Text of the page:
It happens every time. You’ve stuck to your food plan all day, despite all the temptations. You passed up the free donuts in the office, and the second helping at dinner. It seems as soon as the house quiets down, you’re hit with late-night cravings for something you shouldn’t eat. And you know you won’t be able to get to sleep until you cave.
Why Do We Get Late-Night Cravings?
A 2013 study from the Oregon Health and Science University showed that our internal circadian rhythms are responsible for causing our late-night cravings for sweet, salty, and starchy food. Our ancestors’ bodies evolved to store fat at night in case of food scarcity the next day. As a result, we still feel the urge to eat late at night in order to store more calories for survival. Our bodies are much better at storing fat while we’re at rest.
And it certainly doesn’t help that we’ve extended our day cycle with artificial light sources. The director for the Center for Research on Occupational and Environmental Toxicology at the university, Steven Shea, Phd. said:
“If you stay up later, during a time when you’re hungrier for high-calorie foods, you’re more likely to eat during that time. You then store energy and get less sleep, both of which contribute to weight gain.”
So, how are we supposed to fight millions of years of evolution? Thankfully, science is also as good at finding ways for us to bypass our primitive programming as it is at explaining it.
Here are a few techniques that can help you beat those late-night cravings while you’re trying to drop excess fat:
1. Eat More Vegetables
Dr. Scott Isaacs, an endocrinologist and weight loss specialist says that late-night cravings for foods could indicate a nutritional deficiency. He suggests keeping the cravings at bay by ensuring you eat plenty of fresh fruits and vegetables earlier in the day. They’re filled with fiber and water, which can help you feel full. But, more importantly, they’re filled with the vitamins, minerals, and phytonutrients that your body needs to feel nourished.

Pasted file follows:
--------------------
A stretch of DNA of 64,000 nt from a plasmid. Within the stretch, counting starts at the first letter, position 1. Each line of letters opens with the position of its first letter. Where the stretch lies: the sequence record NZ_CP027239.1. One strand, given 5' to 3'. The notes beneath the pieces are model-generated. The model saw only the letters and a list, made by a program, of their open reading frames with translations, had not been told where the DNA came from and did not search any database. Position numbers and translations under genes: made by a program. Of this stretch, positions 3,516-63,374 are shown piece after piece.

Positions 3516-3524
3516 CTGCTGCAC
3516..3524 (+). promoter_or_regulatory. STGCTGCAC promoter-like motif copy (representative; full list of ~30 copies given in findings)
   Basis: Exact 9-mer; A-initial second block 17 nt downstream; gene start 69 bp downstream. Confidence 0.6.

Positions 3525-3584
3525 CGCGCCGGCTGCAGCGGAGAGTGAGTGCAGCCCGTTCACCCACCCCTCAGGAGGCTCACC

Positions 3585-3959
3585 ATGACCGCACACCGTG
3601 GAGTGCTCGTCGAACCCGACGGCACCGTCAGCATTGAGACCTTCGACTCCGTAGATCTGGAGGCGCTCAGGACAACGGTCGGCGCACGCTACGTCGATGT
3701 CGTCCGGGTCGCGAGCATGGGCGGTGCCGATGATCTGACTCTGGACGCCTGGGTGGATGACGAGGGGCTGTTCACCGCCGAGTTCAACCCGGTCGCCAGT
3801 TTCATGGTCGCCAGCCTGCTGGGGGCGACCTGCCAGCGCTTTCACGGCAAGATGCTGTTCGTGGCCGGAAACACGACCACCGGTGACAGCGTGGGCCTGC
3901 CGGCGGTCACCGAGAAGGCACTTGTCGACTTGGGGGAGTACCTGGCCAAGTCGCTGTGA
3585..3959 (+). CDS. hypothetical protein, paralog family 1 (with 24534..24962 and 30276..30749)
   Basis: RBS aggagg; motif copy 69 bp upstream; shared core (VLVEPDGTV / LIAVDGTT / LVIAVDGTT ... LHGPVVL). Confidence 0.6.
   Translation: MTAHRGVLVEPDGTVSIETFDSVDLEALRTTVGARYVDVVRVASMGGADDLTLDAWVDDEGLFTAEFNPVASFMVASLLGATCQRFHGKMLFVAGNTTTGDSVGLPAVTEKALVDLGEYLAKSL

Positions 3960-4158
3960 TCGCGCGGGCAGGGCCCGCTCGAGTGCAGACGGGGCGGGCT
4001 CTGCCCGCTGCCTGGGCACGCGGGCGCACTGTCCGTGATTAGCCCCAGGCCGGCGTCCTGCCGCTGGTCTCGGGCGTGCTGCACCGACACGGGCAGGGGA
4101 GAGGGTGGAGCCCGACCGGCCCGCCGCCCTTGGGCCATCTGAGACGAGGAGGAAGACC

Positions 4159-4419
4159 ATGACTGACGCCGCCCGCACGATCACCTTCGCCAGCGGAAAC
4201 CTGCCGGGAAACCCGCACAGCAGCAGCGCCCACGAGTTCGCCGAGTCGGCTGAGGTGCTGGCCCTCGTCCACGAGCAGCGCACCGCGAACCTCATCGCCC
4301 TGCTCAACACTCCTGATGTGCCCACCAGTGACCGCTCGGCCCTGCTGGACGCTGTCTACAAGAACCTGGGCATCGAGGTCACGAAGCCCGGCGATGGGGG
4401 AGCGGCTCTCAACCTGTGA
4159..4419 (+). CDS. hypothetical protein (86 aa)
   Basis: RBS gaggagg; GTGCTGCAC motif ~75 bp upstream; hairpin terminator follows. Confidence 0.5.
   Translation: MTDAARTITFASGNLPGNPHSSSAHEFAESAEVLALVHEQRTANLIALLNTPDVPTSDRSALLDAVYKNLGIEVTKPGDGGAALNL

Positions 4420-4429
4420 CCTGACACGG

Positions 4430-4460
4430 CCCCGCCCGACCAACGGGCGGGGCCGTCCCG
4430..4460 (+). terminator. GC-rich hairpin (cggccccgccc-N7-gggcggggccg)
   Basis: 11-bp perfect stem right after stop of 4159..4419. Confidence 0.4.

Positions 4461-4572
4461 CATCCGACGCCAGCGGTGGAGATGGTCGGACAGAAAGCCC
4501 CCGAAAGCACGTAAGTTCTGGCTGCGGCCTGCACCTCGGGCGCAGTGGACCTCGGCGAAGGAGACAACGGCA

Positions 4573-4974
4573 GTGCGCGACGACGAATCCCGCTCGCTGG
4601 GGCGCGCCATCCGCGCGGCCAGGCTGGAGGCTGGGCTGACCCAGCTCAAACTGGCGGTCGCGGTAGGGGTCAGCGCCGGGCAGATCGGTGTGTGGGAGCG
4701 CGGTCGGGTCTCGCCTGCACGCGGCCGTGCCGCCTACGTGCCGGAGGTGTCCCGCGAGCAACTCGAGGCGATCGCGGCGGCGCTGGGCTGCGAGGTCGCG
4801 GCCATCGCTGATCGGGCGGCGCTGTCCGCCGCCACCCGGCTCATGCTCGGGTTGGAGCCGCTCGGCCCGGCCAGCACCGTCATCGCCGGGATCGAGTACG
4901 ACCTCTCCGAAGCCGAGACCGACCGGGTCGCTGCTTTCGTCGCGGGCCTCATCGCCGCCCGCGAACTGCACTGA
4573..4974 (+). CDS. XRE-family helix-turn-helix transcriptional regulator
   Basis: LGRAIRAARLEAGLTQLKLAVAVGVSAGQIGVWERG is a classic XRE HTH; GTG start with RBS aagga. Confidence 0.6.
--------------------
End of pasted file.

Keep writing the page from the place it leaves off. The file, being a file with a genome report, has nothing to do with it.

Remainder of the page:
2. Eat More Protein
Just like those necessary vitamins and minerals, you may be lacking adequate protein in your diet. A 2013 study by the University of Missouri Department of Nutrition and Exercise Physiology found that a high protein breakfast prevented cravings later in the day. Additionally, the University has replicated these benefits of increased protein with a range of participants, from teens to seniors.
And protein isn’t just for breakfast. A 2011 study found that a higher protein consumption spread throughout the day increased satiety and helped overweight and obese dieters control their appetites.
So, while some late-night cravings are due to boredom or tiredness, having adequate nutrition can help you resist the temptations.
3. Find Alternative Treatments for Late-Night Cravings
You might hear your stomach rumbling from hunger every night around the same time, if you usually cave in to those late-night cravings. You can stop them with peppermint essential oil. Scientists, noting that peppermint oil effectively treated Irritable Bowel Syndrome, decided to try it with healthy subjects. Their 2013 study showed that peppermint oil is an effective appetite suppressant, with no negative side effects.
Our modern lifestyle is so out of whack with our natural inclinations, especially our body clocks. Humans evolved to survive food scarcity, not an endless smorgasbord of delicious options. Our abundant food supply and late hours can result in a lot of snacking.
In addition, we’ve developed many modern rituals around eating and relaxing, like eating in front of the television. Although family gatherings in the evening is one thing human beings have been doing since caveman days, we rarely stayed up long past sundown. That’s a lot of extra hours to fill, but there’s no reason our health has to suffer when we have the science to curb those late-night cravings.
Kayla Soders is a Digital Marketing Strategist with a passion for food, fun and fitness. When she isn’t getting fit or eating, she can be found managing popular health sites (such as defendyourhealthcare.us), laughing at memes, or rolling her eyes at minor annoyances. She’s passionate (and a little crazy) when it comes to anything (or anyone) she cares about, with a “Work Hard, Slay Hard” mentality.